The EU is taking steps to bring down high energy prices.
The EU unveiled a “toolbox” of measures on Wednesday to address an energy shortage that threatens to drive up Europeans’ power costs.
Even though national EU nations are more directly accountable for their energy sources and taxation, the European Commission has been under pressure to intervene on the approaching issue.
“Consumer worry is understandable and justified,” EU energy commissioner Kadri Simson said as the measures were announced.
“Winter is approaching, and many people’s electricity costs are the highest they’ve been in a decade. Gas prices have risen over the world, owing primarily to demand in Asia.” The fundamental cause of the increase in energy prices is that economies are recovering quickly from the effects of the coronavirus pandemic.
This year, wholesale natural gas prices, which serve as a leading indicator for overall European energy prices, have more than tripled. The cost of oil and coal has also increased. In the next months, these increases are expected to show up on family and corporate bills.
Some EU officials accuse Russia of “blackmailing” Germany by limiting stop-gap supplies in order to persuade Germany to activate the recently constructed Nord Stream 2 pipeline across the Baltic, bypassing Ukraine.
Russian President Vladimir Putin, meanwhile, blamed “structural faults” in the European energy market, stating that “some try to pass their failures on to others” during a Moscow energy event.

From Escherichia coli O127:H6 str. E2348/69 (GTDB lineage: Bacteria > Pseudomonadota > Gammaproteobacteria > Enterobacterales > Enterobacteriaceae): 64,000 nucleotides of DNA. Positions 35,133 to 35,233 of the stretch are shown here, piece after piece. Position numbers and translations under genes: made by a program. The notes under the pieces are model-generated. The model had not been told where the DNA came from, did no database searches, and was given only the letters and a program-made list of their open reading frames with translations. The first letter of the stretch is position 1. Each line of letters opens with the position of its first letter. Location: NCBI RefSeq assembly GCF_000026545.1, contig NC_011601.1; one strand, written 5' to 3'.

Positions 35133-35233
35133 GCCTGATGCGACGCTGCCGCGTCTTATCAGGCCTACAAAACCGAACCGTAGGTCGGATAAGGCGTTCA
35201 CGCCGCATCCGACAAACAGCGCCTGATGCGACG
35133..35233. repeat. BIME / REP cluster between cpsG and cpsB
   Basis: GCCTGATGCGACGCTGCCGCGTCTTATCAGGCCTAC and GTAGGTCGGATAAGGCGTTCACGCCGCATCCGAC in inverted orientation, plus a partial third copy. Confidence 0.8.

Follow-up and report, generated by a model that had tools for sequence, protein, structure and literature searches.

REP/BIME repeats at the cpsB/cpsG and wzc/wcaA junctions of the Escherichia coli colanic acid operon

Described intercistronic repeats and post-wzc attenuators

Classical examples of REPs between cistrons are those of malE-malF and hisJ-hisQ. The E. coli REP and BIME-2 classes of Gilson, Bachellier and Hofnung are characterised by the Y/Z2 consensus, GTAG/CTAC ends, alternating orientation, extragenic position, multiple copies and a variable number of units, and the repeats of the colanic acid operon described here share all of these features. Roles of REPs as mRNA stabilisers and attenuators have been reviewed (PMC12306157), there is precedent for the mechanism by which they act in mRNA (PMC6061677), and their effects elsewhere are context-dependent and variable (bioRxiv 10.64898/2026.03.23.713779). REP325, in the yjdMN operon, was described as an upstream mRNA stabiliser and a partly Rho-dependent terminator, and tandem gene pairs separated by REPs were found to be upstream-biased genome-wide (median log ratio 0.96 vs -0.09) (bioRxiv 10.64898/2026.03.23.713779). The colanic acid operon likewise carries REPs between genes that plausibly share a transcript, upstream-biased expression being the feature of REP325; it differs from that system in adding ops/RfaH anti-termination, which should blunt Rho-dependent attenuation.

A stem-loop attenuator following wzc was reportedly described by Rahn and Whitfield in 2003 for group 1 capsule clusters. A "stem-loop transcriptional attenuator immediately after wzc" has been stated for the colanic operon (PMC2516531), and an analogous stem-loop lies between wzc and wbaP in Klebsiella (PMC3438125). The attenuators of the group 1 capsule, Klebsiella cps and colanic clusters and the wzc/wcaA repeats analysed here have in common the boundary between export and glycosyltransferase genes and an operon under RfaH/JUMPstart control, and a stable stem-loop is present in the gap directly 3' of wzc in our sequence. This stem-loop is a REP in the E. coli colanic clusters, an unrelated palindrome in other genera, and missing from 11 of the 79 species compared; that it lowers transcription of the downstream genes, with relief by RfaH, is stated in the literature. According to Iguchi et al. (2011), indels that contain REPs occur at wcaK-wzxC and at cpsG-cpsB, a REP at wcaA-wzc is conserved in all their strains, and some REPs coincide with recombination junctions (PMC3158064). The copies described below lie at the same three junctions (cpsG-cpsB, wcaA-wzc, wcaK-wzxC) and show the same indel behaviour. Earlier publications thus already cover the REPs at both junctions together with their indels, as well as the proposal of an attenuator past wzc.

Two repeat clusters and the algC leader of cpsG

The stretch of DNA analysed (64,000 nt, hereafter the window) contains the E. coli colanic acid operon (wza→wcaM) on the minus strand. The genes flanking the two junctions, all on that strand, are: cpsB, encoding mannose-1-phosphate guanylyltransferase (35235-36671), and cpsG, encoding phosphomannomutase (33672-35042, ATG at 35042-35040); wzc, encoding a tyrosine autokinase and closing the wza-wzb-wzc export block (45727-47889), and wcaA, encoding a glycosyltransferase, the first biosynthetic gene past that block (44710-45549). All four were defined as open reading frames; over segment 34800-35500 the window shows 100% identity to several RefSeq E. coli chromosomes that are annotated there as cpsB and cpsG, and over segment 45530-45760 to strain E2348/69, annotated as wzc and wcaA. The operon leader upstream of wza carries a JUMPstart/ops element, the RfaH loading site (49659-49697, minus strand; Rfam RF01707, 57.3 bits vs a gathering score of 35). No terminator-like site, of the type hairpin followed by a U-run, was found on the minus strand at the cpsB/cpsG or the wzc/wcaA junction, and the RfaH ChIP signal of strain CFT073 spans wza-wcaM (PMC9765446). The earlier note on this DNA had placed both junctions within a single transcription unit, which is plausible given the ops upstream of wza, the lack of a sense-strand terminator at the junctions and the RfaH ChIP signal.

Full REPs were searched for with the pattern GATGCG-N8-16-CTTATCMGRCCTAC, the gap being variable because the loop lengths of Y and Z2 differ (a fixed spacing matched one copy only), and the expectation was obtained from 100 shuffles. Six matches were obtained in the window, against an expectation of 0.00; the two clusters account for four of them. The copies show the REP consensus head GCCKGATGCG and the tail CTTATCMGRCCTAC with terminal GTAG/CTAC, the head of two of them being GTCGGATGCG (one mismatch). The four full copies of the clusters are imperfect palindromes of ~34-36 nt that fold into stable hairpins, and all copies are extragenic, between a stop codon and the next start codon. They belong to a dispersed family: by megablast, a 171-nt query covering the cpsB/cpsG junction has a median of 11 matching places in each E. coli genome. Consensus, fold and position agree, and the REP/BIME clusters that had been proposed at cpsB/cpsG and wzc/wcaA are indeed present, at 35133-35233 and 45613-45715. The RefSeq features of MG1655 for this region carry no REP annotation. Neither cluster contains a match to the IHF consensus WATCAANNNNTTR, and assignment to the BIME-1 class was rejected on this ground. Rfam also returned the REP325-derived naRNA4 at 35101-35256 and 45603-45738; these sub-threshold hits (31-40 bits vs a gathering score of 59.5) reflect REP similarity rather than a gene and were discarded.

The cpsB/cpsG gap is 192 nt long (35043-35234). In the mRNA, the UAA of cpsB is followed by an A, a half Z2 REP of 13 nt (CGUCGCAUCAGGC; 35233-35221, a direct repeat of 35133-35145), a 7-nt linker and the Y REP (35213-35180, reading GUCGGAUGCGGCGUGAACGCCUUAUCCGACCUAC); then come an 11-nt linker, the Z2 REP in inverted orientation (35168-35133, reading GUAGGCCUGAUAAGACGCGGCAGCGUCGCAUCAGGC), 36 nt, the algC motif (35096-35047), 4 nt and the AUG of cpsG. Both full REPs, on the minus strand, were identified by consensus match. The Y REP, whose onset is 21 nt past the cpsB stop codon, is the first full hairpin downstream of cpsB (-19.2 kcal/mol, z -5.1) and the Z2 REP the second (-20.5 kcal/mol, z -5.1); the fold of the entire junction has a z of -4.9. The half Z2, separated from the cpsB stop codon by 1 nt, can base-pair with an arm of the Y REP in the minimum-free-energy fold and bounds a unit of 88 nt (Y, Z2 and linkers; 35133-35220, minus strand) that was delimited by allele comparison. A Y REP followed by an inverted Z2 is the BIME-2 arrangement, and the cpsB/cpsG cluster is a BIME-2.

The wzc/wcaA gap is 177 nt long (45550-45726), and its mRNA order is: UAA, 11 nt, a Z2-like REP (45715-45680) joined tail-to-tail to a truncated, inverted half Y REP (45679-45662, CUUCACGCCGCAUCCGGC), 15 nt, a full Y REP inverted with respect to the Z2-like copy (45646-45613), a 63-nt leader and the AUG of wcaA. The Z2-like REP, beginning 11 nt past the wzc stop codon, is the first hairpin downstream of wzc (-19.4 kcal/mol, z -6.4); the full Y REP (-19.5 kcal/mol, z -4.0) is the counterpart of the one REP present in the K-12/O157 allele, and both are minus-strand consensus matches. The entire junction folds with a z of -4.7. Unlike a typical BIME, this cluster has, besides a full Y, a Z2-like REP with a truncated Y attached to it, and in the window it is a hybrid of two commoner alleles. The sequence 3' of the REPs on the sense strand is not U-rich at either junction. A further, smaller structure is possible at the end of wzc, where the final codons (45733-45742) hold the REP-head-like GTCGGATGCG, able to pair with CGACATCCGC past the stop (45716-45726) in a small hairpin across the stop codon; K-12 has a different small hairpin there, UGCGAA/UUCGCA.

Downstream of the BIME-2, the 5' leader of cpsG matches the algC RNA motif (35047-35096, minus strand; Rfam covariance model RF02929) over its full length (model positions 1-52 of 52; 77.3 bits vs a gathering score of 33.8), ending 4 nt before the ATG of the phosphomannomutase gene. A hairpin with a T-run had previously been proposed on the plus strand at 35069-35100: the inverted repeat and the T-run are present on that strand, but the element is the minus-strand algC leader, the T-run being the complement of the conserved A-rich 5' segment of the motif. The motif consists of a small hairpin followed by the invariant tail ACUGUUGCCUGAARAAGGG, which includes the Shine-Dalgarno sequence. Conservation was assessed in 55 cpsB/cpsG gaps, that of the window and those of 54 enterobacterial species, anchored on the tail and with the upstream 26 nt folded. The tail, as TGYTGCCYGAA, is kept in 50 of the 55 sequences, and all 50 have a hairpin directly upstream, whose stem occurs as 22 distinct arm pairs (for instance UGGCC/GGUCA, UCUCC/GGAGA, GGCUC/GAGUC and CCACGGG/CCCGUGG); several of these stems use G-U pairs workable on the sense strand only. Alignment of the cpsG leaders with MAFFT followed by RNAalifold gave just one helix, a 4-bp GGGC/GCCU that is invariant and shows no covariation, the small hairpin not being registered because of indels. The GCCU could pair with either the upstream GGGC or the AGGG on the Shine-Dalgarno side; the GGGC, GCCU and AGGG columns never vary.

In the midst of a “tough situation,” he called for “a long-term strategy to stabilize the energy market.”
The topic of energy will be the focus of an EU leaders’ meeting next week.
The European Commission’s list of solutions includes emergency subsidies to poorer households, maybe in the form of energy vouchers.
Consumers should be able to postpone paying bills, and taxes and levies that account for more than a third of the cost of those bills should be decreased or eliminated, according to the Commission.
These recommendations, however, must be “temporary” and “targeted,” according to the document.
The medium-term options were similarly more hazy.
They concentrated on increasing investment in renewable energy sources and pan-European infrastructure, which are currently on the table as the EU prepares to achieve carbon neutrality by 2050.
When it comes to the global energy crisis, the International Monetary Fund (IMF) has approved only targeted measures for the most vulnerable, claiming that anything more would be costly and lead to “extremely negative incentives.”
The European Commission is vehemently disputing claims made by some EU members, most notably Hungary, claiming. The Washington Newsday Brief News is a daily newspaper published in Washington, D.C.